Painting Snow White

“Stay with it. It’s worth doing. It’s not a crime to fall short, but it is a crime to abuse yourself for not being what you want to be.”

“Snow White” is a painting I have actually had sketched and sitting on a canvas for 3 years. Yep, that’s right. 3 years. It was part of a project I began in celebration of my oldest daughter’s 3rd birthday. She’s now almost 6. Her party was Disney Princess themed, and at the time, her favorite princesses were Rapunzel from “Tangled”, and the classic “Snow White”. With all of the best intentions, I only managed to complete the one painting of Rapunzel in time for her party, and it has always bugged me that I never completed Snow White. In my defense, I definitely bit off more than I could chew with my pinterest inspired party (ugh, the pressure of pinterest! But that’s a topic for another post…), and shortly after the party, I discovered that I was pregnant with my second child. So into storage it went for a time when I might one day have more time…

But in all fairness, I should also state for the record that i always have trouble completing artwork. There is something in my mind that either says that A.) because this is just a hobby of mine, it’s not important enough to complete, OR B.) once it’s at a place that some might call complete, I feel it’s not good enough to call complete – there is always something that could be redone or improved upon and I have trouble letting go.

            And so, and in beginning my 2nd project as part of my 2 Hour Per Week challenge, I dusted “Snow White” off, and in the spirit completion, I decided to give her another try. If I’m being completely honest, I was not pleased at where I was when I got about ½ way done. And it sat for another 3 weeks before I forced myself to pick up the paintbrush again. Painting is something that takes time, layering, and patience. And part of this process is allowing myself to love the process, regardless of the outcome. While it’s not my favorite piece I’ve ever done, I finished it. It’s done. I can now move on and look forward to the next project. And my daughter finally has her painting to hang in her room in time for her 6th birthday.


Movement & Momentum

Committing to this journey to be more creative on a consistent basis, I have given myself what I’m calling the 2 Hour Challenge. Simply put, I will take 2 hours every week (usually on the weekend) to make something. It is my time to put my headphones on and create whatever my little heart desires in that moment.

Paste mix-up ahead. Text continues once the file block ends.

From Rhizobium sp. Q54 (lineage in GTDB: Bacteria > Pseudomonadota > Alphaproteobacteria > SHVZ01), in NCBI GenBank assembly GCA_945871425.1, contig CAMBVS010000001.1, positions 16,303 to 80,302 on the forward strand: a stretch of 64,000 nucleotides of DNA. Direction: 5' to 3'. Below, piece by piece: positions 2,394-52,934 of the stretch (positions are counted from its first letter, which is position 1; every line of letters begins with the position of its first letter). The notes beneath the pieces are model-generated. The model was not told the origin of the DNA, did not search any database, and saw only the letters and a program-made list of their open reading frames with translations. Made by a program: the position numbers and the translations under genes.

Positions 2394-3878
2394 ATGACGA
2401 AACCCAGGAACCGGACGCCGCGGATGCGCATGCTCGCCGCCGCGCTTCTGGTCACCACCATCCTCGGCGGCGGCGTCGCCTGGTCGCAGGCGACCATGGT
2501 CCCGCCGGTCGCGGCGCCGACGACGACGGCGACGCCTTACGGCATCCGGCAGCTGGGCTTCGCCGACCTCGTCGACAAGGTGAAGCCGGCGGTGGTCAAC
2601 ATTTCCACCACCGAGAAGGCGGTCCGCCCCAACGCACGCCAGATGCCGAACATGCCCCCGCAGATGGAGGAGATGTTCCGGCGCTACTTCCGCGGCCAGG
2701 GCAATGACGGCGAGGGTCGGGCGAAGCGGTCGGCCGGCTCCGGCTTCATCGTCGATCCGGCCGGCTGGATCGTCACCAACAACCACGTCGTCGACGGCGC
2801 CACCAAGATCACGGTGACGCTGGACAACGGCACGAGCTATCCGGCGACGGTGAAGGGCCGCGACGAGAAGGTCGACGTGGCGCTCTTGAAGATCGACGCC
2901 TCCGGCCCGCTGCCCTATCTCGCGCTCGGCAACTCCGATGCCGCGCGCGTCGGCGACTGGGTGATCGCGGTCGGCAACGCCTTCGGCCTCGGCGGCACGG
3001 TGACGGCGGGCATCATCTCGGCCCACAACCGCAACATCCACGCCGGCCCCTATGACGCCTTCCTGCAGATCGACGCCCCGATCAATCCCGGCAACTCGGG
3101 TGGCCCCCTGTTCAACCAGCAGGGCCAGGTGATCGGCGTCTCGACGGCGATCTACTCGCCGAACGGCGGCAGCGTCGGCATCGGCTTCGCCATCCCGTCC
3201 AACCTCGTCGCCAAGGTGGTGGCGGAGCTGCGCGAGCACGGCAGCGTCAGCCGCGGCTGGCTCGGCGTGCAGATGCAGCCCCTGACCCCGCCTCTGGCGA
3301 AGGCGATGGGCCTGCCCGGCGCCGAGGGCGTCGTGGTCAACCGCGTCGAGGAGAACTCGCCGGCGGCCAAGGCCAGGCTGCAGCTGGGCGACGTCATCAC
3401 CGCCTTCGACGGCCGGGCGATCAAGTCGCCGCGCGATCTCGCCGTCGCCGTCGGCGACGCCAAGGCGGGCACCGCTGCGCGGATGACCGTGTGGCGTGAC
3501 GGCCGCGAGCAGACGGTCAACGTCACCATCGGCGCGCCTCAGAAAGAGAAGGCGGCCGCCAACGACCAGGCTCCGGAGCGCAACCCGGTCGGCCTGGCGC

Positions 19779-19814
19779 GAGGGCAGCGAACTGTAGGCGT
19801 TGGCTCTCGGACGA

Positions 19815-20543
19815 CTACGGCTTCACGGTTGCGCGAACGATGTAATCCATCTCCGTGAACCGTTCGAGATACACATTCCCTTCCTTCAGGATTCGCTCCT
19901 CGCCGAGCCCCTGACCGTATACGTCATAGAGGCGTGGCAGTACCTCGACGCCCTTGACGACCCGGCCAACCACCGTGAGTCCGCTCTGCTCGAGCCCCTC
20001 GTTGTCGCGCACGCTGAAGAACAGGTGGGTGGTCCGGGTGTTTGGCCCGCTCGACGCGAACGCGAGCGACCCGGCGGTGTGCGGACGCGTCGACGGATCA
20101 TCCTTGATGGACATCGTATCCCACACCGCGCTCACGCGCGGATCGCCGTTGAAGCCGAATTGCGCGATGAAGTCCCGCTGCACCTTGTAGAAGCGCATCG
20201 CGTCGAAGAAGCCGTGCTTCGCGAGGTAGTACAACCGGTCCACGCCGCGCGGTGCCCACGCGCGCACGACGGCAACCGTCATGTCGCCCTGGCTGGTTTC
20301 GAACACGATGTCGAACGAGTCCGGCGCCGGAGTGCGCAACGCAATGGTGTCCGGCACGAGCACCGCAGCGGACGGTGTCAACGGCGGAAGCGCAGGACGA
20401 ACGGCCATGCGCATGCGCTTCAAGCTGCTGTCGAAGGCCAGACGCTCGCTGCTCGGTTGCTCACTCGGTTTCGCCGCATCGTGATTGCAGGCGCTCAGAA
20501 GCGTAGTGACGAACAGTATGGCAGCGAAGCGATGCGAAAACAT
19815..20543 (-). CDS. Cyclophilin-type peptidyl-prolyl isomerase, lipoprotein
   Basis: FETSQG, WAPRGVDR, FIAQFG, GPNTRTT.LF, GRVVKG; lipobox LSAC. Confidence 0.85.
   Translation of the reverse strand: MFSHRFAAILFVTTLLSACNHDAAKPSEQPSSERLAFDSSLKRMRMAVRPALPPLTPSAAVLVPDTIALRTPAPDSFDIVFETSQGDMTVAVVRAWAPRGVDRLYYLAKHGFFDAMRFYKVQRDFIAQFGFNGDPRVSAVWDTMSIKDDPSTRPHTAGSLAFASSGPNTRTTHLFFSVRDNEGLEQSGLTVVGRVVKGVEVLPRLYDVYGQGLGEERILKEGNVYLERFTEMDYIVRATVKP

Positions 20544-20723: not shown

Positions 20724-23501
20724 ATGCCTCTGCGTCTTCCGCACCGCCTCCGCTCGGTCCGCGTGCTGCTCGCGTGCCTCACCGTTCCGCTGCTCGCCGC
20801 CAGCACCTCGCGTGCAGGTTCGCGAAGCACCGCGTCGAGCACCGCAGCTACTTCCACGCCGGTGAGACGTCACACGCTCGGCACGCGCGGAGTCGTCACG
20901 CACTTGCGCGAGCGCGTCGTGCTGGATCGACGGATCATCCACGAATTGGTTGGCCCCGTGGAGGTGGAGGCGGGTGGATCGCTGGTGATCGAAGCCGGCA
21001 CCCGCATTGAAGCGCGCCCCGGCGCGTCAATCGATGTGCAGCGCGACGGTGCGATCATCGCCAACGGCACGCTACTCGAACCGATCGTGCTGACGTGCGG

In a quest of mine to document my children as they are right now, in this moment in time, I decided my first project was to take a photo of my youngest from a recent barbeque and turn it into a charcoal drawing. There’s something about the original photo that completely captures who she is: wild, independent, carefree, confident, (and a little sassy). At 10 o’clock on a Saturday night, I decided to just put in my headphones and work. I didn’t look at the clock, but decided I would work until I was tired enough to go to bed. I wasn’t sure how much I would get accomplished, but amazed myself by fully completing this sketch in 2 hours! It was so encouraging!

But more than the physical end result, I proved to myself that devoting just a small amount of focused time can leave me feeling accomplished, connected to myself, and in balance. As mothers, we often feel it’s too selfish to take time for ourselves. As a people pleaser (and a Cancer), it’s something I have struggled with since day one of motherhood. Guilt is just something that comes with the territory. But something else I’ve come to realize is that being out of balance doesn’t help anyone.

It’s funny what doing this little exercise this weekend did to my overall outlook and attitude. In the week that followed, I felt more at peace with myself, proud of my accomplishment, and looking forward to my next 2 hours of being intentionally creative.

I heard something interesting about momentum this week that I am finding to be very true. You can build up just as much momentum continually NOT doing an act as you can consistently performing an act. So, an easy example of this is the feeling you have each week that you don’t go to the gym building and building until there is so much momentum moving in the negative direction that is seems impossible to jump start the good habit again. But on the flip side, once you start doing something, it becomes easier and easier each time as the momentum builds on the positive side of the spectrum.

I’d love to hear from you – what are your thoughts on momentum? What has helped you to kick start that project you were dying to start? Once you started did you find it became easier to move forward as you consistently starting meeting your goals?